Title – Extra Ordinary (2019)
Directors – Mike Ahern and Enda Loughman (feature debuts)
Cast – Maeve Higgins, Barry Ward, Will Forte, Claudia O’Doherty
Plot – Lonely ex-ghost hunter turned driving instructor Rose Dooley (Higgins) finds potential romance in Martin Martin (Ward), who has requested Rose help him with the ghost of his deceased wife, only for the two of them to be caught up in a nefarious plan being plotted by one hit wonder pop star Christian Winter (Forte).
“Oh, I’m sorry, I thought you were dead”
Review by Eddie on 02/06/2020
Embedding their film with a vibe not dissimilar to cult TV shows such as The Mighty Boosh and Garth Marenghi’s Dark Place, Irish filmmakers Mike Ahern and Enda Loughman create a unique and sometimes highly effective debut feature that is sure to find itself becoming an underground favorite in the years to come.
Featuring the type of oddball humor and out-there situations that will find some viewers wondering what all the fuss is about and other’s suffering from consistent bouts of sidesplitting laughter, Extra Ordinary lives up to its title, as this low-budget affair takes us on a ghost and demon filled adventure featuring kindly gifted ghost hunter turned single driving instructor Rose Dooley.
In what acts as a star making turn, Dooley is wonderfully played by the films MVP Maeve Higgins, who instills Rose with a heart and soul, as the oddball middle aged no-hoper teams up with Barry Ward’s potential new love interest Martin Martin (yes that is his characters full name) to stop Will Forte’s one hit wonder pop star Christian Winter from offering up Martin’s daughter as a sacrifice to the dark forces, in hope it will see a revival of his failing career.
At its best and most enjoyable when Rose and Martin get to shine together, from awkward driving classes to seemingly unprepared ghost hunts, Extra Ordinary can be very funny and even nicely heartfelt at the best of times but the ever present presence of Forte’s overplayed and mostly annoying Winter and his devilish schemes doesn’t work as well as the rest of the film, weighing the film down at constant intervals, making us wish for simpler times and more nuanced character beats.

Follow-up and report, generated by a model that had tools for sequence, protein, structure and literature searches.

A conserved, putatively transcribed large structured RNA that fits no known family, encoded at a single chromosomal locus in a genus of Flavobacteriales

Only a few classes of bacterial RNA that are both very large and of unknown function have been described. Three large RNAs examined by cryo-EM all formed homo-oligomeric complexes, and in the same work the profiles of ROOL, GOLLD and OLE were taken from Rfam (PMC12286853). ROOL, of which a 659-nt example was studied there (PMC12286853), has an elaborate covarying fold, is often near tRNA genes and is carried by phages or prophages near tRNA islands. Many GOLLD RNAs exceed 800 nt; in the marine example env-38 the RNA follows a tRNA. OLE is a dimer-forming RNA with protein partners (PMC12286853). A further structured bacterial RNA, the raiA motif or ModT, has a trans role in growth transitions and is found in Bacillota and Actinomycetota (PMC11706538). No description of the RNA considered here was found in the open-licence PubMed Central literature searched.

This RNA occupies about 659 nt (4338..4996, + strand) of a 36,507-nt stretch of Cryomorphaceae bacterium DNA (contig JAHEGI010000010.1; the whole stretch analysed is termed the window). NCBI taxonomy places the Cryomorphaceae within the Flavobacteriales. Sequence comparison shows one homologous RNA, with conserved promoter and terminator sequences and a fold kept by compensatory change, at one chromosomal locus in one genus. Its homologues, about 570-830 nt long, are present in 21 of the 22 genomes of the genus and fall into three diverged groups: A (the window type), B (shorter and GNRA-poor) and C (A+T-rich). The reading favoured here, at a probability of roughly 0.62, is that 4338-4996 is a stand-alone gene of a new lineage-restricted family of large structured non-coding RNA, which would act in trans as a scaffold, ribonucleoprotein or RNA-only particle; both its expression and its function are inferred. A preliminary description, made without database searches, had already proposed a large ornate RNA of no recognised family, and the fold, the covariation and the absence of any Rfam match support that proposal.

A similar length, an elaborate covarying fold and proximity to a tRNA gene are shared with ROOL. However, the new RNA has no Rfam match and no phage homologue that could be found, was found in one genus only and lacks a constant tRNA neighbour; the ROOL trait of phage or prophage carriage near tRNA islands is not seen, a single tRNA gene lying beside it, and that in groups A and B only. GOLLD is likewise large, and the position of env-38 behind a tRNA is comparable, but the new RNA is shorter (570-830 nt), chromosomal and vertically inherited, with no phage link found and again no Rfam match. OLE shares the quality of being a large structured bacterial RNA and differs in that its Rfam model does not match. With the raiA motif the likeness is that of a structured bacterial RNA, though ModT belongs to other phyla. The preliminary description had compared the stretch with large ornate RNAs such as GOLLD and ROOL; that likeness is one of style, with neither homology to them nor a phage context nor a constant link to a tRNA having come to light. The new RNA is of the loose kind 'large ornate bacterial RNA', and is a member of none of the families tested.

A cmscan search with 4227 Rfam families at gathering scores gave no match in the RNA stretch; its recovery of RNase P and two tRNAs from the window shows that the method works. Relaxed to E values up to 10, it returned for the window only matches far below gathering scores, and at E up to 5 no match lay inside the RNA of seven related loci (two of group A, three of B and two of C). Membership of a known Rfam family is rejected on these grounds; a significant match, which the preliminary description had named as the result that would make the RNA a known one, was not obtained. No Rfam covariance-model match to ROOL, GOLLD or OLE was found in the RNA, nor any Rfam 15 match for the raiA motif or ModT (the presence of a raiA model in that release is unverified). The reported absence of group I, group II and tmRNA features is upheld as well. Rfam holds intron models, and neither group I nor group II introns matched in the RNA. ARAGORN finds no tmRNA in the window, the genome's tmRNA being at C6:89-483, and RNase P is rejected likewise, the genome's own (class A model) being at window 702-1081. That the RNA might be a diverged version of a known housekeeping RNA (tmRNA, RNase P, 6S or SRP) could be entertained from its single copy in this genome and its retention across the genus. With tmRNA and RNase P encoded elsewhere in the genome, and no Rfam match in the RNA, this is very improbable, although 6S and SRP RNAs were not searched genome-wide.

It was no doubt a win for the film, a low-budget affair that doesn’t have any right to feel as professional made as it does to get Forte on board but for many international audiences its the lesser known talents that shine most in the film and Ahern’s and Loughman’s well-polished script has some absolute zingers (and some pretty great Ghostbuster references) that the talented Irish cast lap up throughout.
On the basis of this effort it wouldn’t be surprising if Hollywood comes calling for this newly minted directing duo, here’s hoping their next project, if larger in scale and scope doesn’t lose sight of the nicely manicured characters that make sure Extra Ordinary is always watchable, even when its leap sometime fail to reach the heights it sets out to achieve.
Final Say –
With a great performance from Maeve Higgins as the likely to be iconic Rose Dooley, Extra Ordinary is a strong debut effort from some very talented directors whose film is worth tracking down despite its various disappointments.
3 toasted sandwiches out of 5